The British Voting System

The British Voting SystemWithin Britain, different systems are employed to allow people to vote for mayors, devolved assemblies, members of the House of Commons, UK local authorities, the Northern Ireland Assembly, the Welsh National Assembly, and the Scottish Parliament.

These legal procedures which are referred to as electoral or voting systems, determine the regulations regarding the way in which candidates and political parties are elected. Thus, this form of voting enables eligible UK residents to elect the representatives that they would like to see in power.

A system known as “first-past-the-post” is employed during local English and Welsh elections, as well as for the selection of Members of Parliament who will sit in the House of Commons. According to this system, the local authority or United Kingdom is split up into a substantial number of voting regions. These are referred to as wards or constituencies.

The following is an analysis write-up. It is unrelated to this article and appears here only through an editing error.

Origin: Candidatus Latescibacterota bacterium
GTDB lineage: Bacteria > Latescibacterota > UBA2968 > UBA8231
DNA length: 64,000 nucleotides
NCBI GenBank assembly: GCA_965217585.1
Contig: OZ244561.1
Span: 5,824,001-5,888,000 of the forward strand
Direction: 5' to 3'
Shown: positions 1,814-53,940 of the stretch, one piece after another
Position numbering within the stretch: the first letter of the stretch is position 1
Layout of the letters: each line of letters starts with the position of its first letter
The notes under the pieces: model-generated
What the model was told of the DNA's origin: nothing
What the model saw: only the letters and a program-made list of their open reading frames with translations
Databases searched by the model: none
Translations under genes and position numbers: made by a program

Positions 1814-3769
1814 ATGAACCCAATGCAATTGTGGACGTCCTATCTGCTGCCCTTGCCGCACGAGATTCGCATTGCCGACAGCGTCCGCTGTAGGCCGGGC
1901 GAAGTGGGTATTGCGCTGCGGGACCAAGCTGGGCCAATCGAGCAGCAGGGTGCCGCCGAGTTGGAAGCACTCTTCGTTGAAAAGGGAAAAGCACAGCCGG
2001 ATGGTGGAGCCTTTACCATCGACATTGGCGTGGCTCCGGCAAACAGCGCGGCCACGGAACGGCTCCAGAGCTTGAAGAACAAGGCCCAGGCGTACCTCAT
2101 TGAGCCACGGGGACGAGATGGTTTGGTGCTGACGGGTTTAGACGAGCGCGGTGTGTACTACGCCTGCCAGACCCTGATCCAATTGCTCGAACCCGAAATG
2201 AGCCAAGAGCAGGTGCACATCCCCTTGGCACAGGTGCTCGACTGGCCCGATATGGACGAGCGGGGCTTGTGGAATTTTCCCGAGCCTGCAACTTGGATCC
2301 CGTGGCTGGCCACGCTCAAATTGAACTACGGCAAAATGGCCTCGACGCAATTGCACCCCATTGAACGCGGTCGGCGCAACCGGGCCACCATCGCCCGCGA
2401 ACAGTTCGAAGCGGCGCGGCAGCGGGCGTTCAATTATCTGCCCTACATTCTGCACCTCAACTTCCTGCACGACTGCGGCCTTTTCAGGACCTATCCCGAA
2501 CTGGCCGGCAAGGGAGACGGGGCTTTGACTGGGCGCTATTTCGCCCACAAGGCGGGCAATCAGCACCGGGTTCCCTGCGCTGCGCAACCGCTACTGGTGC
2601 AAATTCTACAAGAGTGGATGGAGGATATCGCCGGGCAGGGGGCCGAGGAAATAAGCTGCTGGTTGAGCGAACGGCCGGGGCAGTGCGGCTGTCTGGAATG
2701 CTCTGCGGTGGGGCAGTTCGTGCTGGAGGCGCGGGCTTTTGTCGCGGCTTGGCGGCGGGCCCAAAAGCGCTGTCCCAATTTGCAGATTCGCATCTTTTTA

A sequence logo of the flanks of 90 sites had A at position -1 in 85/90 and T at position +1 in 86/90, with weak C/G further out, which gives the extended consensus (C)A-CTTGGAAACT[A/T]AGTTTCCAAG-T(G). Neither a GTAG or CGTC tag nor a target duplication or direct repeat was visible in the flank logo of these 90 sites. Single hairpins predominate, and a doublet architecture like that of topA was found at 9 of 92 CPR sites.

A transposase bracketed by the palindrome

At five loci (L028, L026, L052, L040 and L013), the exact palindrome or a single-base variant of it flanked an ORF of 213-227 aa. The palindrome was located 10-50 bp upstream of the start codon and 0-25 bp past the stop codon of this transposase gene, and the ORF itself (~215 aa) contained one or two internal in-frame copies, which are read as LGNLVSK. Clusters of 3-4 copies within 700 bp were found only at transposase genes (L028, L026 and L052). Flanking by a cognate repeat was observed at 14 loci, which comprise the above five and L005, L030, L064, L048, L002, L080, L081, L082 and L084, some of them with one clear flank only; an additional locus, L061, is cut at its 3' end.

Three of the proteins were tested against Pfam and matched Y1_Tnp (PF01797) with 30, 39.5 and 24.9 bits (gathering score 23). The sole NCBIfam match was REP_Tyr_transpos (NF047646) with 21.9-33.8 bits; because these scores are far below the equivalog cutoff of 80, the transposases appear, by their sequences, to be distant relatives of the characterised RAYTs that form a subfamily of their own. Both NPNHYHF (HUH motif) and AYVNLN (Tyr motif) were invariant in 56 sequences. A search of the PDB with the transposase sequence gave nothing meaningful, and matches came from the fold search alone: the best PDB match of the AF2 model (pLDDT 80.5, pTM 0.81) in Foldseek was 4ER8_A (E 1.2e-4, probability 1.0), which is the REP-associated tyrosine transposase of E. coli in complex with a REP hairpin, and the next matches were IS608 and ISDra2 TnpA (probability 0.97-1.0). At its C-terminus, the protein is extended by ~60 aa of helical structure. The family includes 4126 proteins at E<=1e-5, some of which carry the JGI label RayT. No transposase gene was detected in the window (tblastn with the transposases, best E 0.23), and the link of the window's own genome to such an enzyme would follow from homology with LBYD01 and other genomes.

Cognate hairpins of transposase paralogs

At the time of a local or general election, anyone who goes to a polling station to vote has to make an (X) on their ballot paper next to the name of the candidate of their choice. When the polling stations close, the ballot papers are tallied up, and the nominee who has gained the highest number of votes is appointed as the representative.

A system that is known as the Supplementary Vote is, instead, employed for the election of mayors in Wales and England, as well as for the Mayor of London. With this procedure, those who vote are restricted to their first and second choices for mayor. Voters draw an (X) in two columns, one for their first choice and the other for their second choice. When the ballot papers are tallied up, if one nominee gains in excess of 50% of the votes for the first preference, then he or she will be declared winner of the election.

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